De Nichols, a St. Louis-based multidisciplinary designer, civic leader and “artivist,” talks about:

Getting her job as the community engagement manager at Contemporary Art Museum St. Louis, which evolved into a position dedicated to determining how an institution becomes a better neighbor to its community; the controversy(ies) around Kelley Walker’s show “Direct Drive” at CAM St. Louis, which opened in early Sept. 2016—everything from De’s take on the artworks beforehand and what she liked vs. what she found distasteful, and how she felt offended by the notion to come from how pieces featuring black women were going to be displayed, which she shared with the curator; to the climactic event of the artist lecture Walker gave alongside the curator, which in the Q&A session went remarkably wrong, and included gaslighting which left many in audience cold, disconcerted, and/or upset…and in De’s case, livid; how the curator, rather than helping Walker to communicate what he was unable to in response to various questions about race and misogyny, instead protected the artist and in turn shut the conversation down; how after the talk, De felt ashamed for being somehow complicit – as a museum educator – in a toxic experience; how as a community engagement person on staff, she got flak from both sides: the museum people and the people in the audience who wanted her to apologize for things getting so tense; how, through the fallout from that event she faced an internal crisis which led to her eventually leaving her post at the museum, and the thought process that led her to finally resign; the positive aspect of the effect on CAM, in the form of greater sensitivity and strategy going forward in a period where it’s going to be needed even more; she offers both advice and suggestions for artists to be culturally sensitive about the work they make and where they show it, and how they can become active in this changing political climate, including 100 Days of Action, the artist-run PAC For Freedoms, and The U.S. Department of Arts and Culture (which is not a government organization despite what it sounds like).  While a video of the Kelley Walker artist talk and Q&A is not available, you can view a panel discussion response to that event, which took place at CAM as part of the series Critical Conversations, here: https://www.youtube.com/watch?v=dhFClenTaL4


In the 2nd half of our conversation with Los Angeles-based provocateur Mat Gleason of Coagula and Coagula Curatorial, he talks about:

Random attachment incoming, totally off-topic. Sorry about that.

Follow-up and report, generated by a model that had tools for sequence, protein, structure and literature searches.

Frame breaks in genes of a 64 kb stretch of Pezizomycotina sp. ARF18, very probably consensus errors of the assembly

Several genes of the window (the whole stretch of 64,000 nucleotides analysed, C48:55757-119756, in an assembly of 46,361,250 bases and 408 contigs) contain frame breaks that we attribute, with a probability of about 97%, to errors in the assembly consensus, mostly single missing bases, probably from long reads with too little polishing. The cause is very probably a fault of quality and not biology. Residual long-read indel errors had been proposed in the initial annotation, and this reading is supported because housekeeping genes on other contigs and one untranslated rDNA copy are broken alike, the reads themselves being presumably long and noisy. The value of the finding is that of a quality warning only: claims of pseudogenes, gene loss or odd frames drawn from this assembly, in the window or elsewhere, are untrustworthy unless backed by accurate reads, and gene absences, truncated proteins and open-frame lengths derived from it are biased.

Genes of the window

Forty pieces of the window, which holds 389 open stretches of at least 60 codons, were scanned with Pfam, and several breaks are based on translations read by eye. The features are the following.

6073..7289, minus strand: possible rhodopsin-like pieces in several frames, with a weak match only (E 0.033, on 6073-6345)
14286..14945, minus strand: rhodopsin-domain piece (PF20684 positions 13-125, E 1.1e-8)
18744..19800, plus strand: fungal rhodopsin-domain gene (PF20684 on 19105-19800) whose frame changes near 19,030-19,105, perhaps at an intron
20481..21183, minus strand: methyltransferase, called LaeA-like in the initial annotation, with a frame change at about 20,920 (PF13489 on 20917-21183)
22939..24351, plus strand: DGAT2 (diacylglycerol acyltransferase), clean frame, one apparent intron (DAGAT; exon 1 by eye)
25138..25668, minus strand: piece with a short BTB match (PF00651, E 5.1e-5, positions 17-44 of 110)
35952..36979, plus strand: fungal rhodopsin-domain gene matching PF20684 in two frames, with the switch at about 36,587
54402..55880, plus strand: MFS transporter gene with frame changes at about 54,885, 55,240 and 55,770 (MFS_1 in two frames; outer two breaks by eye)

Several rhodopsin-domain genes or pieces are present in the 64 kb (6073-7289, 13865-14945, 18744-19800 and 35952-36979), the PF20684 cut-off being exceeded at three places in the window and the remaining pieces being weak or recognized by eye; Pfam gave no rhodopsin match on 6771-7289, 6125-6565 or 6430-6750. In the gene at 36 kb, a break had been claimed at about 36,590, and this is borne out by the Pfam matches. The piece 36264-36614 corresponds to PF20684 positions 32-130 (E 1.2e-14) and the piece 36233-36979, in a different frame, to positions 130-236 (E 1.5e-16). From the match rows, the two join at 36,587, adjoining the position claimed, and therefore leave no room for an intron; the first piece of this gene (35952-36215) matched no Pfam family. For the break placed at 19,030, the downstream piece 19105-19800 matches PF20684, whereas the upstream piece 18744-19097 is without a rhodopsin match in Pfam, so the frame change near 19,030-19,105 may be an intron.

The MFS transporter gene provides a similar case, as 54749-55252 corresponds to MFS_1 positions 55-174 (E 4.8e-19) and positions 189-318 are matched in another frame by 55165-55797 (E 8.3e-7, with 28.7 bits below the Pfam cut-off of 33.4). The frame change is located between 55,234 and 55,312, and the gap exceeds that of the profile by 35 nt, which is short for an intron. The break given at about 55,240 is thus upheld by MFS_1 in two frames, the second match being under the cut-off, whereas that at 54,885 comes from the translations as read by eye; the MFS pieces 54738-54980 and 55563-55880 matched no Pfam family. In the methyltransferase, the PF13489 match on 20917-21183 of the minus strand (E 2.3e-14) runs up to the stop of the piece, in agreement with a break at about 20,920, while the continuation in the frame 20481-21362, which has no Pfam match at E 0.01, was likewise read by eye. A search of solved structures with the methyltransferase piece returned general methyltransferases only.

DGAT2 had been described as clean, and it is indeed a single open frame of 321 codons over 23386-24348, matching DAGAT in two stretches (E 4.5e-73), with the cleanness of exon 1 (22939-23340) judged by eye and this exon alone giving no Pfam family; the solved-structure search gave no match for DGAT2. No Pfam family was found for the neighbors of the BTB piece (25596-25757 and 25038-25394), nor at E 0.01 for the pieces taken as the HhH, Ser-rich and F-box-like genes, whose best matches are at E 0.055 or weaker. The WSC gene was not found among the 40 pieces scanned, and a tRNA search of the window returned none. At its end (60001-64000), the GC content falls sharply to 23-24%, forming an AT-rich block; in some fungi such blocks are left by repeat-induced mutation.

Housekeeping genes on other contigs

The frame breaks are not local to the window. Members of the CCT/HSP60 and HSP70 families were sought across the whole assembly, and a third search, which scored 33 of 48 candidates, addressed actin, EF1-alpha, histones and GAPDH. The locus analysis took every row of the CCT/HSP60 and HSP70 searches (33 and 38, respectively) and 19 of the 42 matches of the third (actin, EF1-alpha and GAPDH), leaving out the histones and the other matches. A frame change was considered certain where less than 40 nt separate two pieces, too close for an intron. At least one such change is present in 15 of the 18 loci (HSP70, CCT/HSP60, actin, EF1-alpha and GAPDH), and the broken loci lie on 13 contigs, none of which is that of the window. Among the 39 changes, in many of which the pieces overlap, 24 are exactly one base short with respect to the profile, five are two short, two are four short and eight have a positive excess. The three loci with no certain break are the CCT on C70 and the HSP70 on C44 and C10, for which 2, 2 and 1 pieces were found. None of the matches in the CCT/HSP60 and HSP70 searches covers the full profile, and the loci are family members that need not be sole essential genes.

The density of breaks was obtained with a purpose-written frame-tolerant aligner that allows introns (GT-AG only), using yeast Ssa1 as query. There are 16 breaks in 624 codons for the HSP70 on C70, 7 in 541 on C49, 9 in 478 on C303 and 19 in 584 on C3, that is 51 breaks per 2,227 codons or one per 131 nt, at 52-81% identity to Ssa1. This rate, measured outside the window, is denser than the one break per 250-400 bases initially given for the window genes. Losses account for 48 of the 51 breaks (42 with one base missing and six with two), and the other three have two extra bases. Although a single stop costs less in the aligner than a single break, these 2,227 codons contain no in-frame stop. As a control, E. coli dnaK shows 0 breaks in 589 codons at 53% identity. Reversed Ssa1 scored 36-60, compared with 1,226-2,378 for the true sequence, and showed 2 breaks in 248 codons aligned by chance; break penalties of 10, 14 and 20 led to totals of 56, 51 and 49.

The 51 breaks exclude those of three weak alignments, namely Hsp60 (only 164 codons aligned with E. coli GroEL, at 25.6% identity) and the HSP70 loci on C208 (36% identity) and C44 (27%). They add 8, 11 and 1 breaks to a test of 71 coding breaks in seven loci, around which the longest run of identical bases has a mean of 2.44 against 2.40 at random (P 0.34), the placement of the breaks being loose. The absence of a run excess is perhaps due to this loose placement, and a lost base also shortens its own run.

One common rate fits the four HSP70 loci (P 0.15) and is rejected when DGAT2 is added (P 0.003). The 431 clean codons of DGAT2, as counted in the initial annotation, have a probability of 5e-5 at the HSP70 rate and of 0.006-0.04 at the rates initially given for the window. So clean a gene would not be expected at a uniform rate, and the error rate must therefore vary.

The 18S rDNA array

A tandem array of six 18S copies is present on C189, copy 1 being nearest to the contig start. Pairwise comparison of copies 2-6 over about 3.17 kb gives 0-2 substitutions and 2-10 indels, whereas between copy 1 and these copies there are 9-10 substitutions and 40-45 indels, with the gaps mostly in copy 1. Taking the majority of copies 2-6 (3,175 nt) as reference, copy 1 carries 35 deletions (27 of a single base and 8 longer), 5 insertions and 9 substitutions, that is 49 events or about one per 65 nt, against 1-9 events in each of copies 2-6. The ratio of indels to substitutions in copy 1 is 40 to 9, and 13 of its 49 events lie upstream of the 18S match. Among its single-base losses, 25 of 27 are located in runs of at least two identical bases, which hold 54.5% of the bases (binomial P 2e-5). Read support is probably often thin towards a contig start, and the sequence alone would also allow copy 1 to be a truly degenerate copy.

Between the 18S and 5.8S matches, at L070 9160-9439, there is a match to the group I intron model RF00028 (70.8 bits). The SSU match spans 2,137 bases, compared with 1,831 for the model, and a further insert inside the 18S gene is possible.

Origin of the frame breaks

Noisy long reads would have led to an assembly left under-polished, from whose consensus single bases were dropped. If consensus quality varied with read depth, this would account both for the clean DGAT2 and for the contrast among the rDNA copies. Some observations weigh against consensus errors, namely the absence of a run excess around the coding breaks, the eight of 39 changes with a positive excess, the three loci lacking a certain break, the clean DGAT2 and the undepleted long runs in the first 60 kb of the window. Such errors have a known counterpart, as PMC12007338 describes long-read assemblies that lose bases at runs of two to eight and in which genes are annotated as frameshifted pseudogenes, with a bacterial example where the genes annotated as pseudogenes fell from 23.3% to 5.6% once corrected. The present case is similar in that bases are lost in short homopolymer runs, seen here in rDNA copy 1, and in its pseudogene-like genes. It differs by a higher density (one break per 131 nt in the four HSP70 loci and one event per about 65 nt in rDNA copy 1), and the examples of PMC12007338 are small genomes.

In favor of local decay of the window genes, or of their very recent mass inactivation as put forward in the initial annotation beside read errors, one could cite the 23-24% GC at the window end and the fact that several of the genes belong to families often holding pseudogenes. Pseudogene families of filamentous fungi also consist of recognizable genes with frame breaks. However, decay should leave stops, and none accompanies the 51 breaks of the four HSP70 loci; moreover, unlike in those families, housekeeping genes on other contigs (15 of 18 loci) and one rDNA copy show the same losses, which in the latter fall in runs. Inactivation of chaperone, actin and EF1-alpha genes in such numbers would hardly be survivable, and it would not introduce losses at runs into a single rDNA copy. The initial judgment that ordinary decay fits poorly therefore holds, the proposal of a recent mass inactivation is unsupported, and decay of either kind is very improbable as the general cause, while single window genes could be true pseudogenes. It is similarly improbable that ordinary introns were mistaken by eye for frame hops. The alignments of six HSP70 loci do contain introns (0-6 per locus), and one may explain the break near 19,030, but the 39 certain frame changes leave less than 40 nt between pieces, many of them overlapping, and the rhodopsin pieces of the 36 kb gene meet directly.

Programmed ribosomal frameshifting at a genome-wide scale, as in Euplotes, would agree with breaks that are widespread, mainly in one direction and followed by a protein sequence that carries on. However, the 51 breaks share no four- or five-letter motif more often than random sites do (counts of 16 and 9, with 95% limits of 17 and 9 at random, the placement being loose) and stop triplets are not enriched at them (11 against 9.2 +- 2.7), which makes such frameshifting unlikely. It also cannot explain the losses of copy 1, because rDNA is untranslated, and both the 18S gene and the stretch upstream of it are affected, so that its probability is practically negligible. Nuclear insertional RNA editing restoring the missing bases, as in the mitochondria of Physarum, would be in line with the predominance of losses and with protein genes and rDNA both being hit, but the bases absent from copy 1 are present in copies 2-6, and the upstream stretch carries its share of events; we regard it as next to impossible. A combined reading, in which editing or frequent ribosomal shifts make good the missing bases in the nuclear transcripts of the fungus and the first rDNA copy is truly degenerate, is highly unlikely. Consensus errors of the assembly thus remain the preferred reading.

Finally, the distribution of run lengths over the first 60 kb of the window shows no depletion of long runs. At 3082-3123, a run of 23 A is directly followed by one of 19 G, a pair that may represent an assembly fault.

The benefits of having interns, and people he didn’t hire because he knew they’d graduate too quickly to even have them start; how he ‘punches up, not down,’ meaning going attacking bigger fish, not smaller ones (MFA shows); why gallery staff at the desk act the way they do, and how Mat trains his staff to act towards visitors, while Deb argues that it’s a service to their community, but that visitors have misconceptions about what gallery staff are doing (not just greeting), and Mat refers to the ‘bozos’ and ‘yahoos’ who come into the gallery and how inappropriately they act; he talks about his litmus for leverage (at openings/parties), the ‘Peter Frank’ point; the obscurity of artists in relation to celebrities (and which Mat put in context of the pyramidal hierarchy); speaking of celebrities, Mat shares a great anecdote eavesdropping on Loni Anderson talking to Burt Reynolds at an art opening (at maybe Ace gallery); his most recent episode of getting in trouble for writing in a recent Coagula issue, and how he needs to report significant episodes even though now that he’s known he’s more likely to be heard from by his subjects; who he’s against in the art world, in particular those who are pretentious, social ‘practicers,’ people who speak to you as a child, and academia; how he taught at Claremont Graduate School not having a college degree himself, to many students’ chagrin, and yet years later students told him how much he told them how it is in the art world; how he realized he was a Foucault-ian after years railing against him; the controversy around the Kelley Walker show at Contemporary Art Museum St. Louis, which Mat has very strong opinions about, including his analysis of the repercussions of the botched artist talk, his hope for change in a private club-culture art world as well as his vehement disapproval of the artist and curator in question; and lastly we discuss the gentrification scenario in the Boyle Heights neighborhood of Los Angeles, particularly the area where galleries have moved into commercial spaces (around Mission and Anderson Streets)…Mat, having been a lifelong Angeleno and having friends who have galleries in the neighborhood, offers various provocative but thoughtful angles on the situation, including that the protesters won’t go after the government entities that have brought on the gentrification –that would be biting the hand that feeds them – or big businesses like Warner Bros., which is moving into a big building nearby, so they go after galleries, the easiest target, and how the protesters started getting media attention by doing so, what Mat calls ‘gold’ for their cause.